What happens when wildlife crime meets the forensic zoologist?


Wildlife protection is an issue of increasing importance in a world struck by climate change. Consequently, much legislature has been generated to prevent the abuse, poaching and trading of protected species across the globe. Despite this, wildlife trade is still the fourth largest illegal business in the world[1]. It is important that this lucrative business can be thoroughly investigated; herein lies the importance of wildlife forensics.

Wildlife forensics is a branch of science that applies the theory and techniques of forensic science to zoological knowledge. Where forensic science is concerned with the crimes of humans, wildlife forensics is responsible for the investigation of crimes against the whole animal kingdom.

For wildlife forensics to thrive, extensive databases need to be created to aid the identification of DNA, bones, microscopic hair, and skin cells of protected species worldwide[2]. This great feat is made even more complex when the nature of many wildlife crimes requires crucial landmarks of simple identification, such as fur, to be stripped away. It may seem an impossible pursuit but already, in its infancy, this field has made great advances.

At the Wildlife Institute of India, they have dedicated a lab to developing wildlife forensic techniques[3]. For example, cranio-dental analysis, which investigated the shape, size, and texture of teeth and jaws was used to discriminate between tigers, lions, and leopards. Such work has allowed species identification with just a fragment of a tooth to work with.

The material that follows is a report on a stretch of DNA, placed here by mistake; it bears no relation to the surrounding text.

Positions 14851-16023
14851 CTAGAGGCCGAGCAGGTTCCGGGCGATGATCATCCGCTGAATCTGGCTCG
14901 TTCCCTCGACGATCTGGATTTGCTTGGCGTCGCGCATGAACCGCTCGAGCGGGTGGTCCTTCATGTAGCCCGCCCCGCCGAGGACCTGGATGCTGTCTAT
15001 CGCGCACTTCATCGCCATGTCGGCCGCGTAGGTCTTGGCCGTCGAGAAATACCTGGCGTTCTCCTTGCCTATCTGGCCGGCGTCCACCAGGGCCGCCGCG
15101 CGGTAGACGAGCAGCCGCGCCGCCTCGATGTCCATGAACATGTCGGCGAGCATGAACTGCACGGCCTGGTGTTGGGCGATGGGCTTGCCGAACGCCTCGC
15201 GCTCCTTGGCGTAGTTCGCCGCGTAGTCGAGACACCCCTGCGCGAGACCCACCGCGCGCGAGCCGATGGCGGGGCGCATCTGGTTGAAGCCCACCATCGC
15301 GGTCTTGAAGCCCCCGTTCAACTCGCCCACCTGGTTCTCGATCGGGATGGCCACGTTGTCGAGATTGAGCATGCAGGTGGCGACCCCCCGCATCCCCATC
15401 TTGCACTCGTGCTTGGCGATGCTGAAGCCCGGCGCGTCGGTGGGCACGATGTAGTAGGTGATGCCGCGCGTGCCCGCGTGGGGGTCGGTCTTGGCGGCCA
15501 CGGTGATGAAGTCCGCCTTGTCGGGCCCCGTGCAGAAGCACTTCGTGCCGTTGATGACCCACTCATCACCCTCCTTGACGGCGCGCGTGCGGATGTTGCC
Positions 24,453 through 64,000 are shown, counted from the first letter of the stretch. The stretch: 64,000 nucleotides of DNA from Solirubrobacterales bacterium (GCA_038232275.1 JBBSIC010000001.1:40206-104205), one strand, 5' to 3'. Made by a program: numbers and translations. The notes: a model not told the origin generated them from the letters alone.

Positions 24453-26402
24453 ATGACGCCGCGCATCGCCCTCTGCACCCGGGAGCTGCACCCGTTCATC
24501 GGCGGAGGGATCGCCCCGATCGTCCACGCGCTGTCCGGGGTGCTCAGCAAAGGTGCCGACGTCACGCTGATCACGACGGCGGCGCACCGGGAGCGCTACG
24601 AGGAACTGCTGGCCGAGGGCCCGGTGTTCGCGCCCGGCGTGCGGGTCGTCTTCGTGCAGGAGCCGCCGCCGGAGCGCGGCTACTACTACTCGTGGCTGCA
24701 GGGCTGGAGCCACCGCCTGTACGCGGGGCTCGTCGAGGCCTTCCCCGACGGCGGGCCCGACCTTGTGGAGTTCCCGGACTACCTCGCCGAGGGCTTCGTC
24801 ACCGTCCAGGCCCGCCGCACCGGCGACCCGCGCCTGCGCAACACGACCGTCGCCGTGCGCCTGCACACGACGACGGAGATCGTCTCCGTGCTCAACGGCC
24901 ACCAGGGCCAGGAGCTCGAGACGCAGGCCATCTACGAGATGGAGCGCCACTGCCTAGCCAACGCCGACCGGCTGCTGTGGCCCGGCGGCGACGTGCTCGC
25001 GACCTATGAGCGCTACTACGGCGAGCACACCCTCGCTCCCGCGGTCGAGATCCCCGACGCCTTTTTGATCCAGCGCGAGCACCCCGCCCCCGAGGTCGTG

Wildlife forensics emphasises how, with the right scientific practice, the tiniest details can tell a story. This was evidenced by a case that saw the identification of an animal set alight in South Rajasthan, India[4]. From the ashes, a half-burnt blood clot, a stone, and a twig were recovered. From these, scientists were able to sequence the surviving fragments of DNA and identify the animal as a male leopard. Wildlife forensics not only solved this crime, but also brought justice for a protected animal[5].


[1] TRAFFIC | Wildlife Crime

[2] Wildlife forensics: A boon for species identification and conservation implications – ScienceDirect (gla.ac.uk)

[3] Wildlife Forensic & Conservation Genetics Cell | Wildlife Institute of India, an Autonomous Institute of MoEF, Govt. of India (wii.gov.in)

[4] Molecular identification of victim species and its sex from the ash: a case of burning alive leopard (Panthera pardus) | SpringerLink (gla.ac.uk)

[5] Panthera pardus (Leopard) (iucnredlist.org)


Edited by Hazel Imrie

Copy-edited by Rachel Shannon


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